My Journey to Recovery

By: Anonymous


I can't remember a time without mental illness. For as long as I can remember, I’ve struggled with anxiety. I didn’t know it for years, and never appreciated what a barrier it was until I was 13.

I moved cities in 2010, at nine years old. I had never properly been out of my country and didn’t realize the world outside my small town existed. It was so unfamiliar that I was thrown into a state of shock and lost all sense of identity. At the same time, I found a friend. She was pretty, and smart, and talented, all the things I wasn’t. I knew it, and so did she. She constantly put me down at a time where I couldn’t be kicked any further, and any sense of self or esteem I ever had held on to was lost. A year later, she dropped me by telling her mom I was a "stalker." She was the only thing I had at a time where I couldn’t feel more alone, and she dropped me as soon as she was friends with the people she wanted to be. I realized I was a mere stepping stone.

I learned later it was an emotionally abusive friendship, at a time I was struggling with shock and no sense of self. It felt like I had nothing. But this set me off on a desperate quest to find new friends, which I did and found people who remain my friends to this day, and have helped me through everything. I didn’t realize at the time, but the events had thrown me into a reactive depression which lingered for years, with the anxiety always persistent.

Living in this state for a long time, of course, led it to progressively worsen, to the point where at 13 years old I knew something was wrong. It was a few months after this realization I hit my lowest point. I can’t go into the details because I struggle to face them, but any value of life I had was gone. I hated myself, intensely. It was at this same point something in my conscience broke through. Sitting in the car on a long journey, earphones in, I felt happy. And the happiness made me realize how much pain I was holding, and I resolved to fix it. And I did. 

It took me weeks of subconscious planning, but I found it in myself to actively seek out time with a teacher in my school. He was a maths teacher of the coolest kind, with similar taste in music to me, and he played guitar and, most importantly, was always willing to help me. And so I sat with him, and the words came tumbling out of me before I could stop them. “I think I have depression,” I admitted. I didn’t know it at the time, but he turned out to be one of my most important elements of my support system. He helped me for the next year, always refusing my apologies and being patient with me. He tried to convince me to see the school counselor but I wouldn’t due to the stigma. I thought it would make me broken, make me weird.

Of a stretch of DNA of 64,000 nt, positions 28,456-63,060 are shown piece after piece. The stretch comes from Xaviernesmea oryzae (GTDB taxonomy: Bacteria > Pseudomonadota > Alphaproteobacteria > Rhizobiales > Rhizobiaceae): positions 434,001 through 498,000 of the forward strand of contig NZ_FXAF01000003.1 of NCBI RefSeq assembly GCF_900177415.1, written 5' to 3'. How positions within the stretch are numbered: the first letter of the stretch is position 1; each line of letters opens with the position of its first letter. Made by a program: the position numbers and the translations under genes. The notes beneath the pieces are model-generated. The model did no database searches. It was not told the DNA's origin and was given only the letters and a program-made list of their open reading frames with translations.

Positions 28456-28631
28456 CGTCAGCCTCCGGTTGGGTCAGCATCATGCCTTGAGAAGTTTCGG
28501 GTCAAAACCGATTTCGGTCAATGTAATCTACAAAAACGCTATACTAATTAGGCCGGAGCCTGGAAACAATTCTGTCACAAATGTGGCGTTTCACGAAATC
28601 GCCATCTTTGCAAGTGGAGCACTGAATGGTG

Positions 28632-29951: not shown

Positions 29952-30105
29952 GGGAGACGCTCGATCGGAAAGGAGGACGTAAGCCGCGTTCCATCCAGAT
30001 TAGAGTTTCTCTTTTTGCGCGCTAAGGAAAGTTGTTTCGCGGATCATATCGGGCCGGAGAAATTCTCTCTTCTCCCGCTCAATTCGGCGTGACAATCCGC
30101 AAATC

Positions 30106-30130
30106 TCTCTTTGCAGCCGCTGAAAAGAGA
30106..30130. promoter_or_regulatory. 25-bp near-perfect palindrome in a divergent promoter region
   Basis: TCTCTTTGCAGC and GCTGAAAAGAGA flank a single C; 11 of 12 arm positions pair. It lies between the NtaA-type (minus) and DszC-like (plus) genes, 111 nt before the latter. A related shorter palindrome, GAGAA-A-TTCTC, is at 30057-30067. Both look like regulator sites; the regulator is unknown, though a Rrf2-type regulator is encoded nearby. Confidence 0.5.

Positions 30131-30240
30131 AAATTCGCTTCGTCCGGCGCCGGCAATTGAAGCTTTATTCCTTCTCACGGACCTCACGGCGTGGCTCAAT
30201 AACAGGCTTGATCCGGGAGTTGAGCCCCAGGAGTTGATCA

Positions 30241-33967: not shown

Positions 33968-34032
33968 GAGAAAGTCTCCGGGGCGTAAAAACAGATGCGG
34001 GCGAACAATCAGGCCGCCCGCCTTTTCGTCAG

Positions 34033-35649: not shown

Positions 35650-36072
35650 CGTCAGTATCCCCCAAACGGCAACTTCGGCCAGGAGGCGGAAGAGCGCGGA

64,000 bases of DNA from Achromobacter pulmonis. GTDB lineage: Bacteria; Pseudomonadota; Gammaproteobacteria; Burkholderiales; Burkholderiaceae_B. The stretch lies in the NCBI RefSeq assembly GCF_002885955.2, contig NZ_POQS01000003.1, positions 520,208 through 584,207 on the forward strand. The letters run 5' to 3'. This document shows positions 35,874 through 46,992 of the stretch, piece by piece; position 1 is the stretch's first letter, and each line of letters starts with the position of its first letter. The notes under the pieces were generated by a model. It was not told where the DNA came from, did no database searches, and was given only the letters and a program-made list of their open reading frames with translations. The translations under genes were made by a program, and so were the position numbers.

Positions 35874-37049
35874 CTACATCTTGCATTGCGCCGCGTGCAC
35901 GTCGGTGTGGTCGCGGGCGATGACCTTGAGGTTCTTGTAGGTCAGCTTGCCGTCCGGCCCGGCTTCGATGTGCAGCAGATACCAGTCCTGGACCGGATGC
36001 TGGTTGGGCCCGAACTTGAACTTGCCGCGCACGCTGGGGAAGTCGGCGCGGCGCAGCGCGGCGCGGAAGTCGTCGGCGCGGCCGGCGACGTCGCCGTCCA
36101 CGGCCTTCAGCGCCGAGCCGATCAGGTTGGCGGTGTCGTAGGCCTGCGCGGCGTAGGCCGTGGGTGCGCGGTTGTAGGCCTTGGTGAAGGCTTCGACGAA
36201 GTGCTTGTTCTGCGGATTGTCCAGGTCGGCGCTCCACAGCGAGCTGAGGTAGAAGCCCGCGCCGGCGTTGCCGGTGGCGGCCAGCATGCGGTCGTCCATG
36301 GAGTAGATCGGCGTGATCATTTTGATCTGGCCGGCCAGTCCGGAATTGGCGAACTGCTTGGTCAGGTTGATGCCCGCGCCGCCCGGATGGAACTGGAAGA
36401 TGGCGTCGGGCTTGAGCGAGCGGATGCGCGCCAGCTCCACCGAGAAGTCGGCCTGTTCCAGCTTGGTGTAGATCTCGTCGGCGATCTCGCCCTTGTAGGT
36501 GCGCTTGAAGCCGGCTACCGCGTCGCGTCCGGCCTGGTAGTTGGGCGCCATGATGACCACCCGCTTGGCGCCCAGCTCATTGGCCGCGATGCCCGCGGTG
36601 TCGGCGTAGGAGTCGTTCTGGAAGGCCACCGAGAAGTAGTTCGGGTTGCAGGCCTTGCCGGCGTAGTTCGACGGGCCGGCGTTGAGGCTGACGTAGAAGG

But he never gave up, and a year later I gave in. He set up the appointment and supported me before and after the first one (and everyone after), shaking like I’d never shaken before. I did a 6-month, weekly course of CBT tackling social and general anxiety, and learned about my reactive depression, and in May 2015, I was finished. I’ll never forget the pride in my maths teachers faced when I told him I was done, and from then he reminded me how proud he was and how much happier and confident I was, and he was right. I felt the best I ever have, and I am the best version of myself I’ve ever been. 

It’s September 2016, and I am beginning my levels. I got nine As in my GCSEs, and I am taking my favorite subjects. I forgave my friend from 2010 to get rid of any bitterness, and my maths teacher has moved away, but we’re still in touch (and I have thanked him for a million times for what he's done). I still have anxiety on one shoulder and depression on the other, but I acknowledge them, and they do not own me. My life is mine, not theirs. I’m helping my friends with their mental health and trying to learn to talk about my own. I’m learning to be proud of my journey, from my lowest point to here. It wasn’t easy, but it happened, and I’ve grown immensely. I’m in regular contact with my counselor, and I'm looking after myself, finally. My friends love the same things I do, and I’m often blown away by how lucky I am to have them.

I love who I am, and I am happy. So I guess what I’m trying to say is, although I can’t remember a time without mental illness, although it once felt like the world was against me, although I once struggled with the notion of even staying alive, things get better. It is never too late; you are never too far gone. People say it all the time, and it's so hard to believe if you can’t see it, but I can promise you that things do get better.

BP WriterComment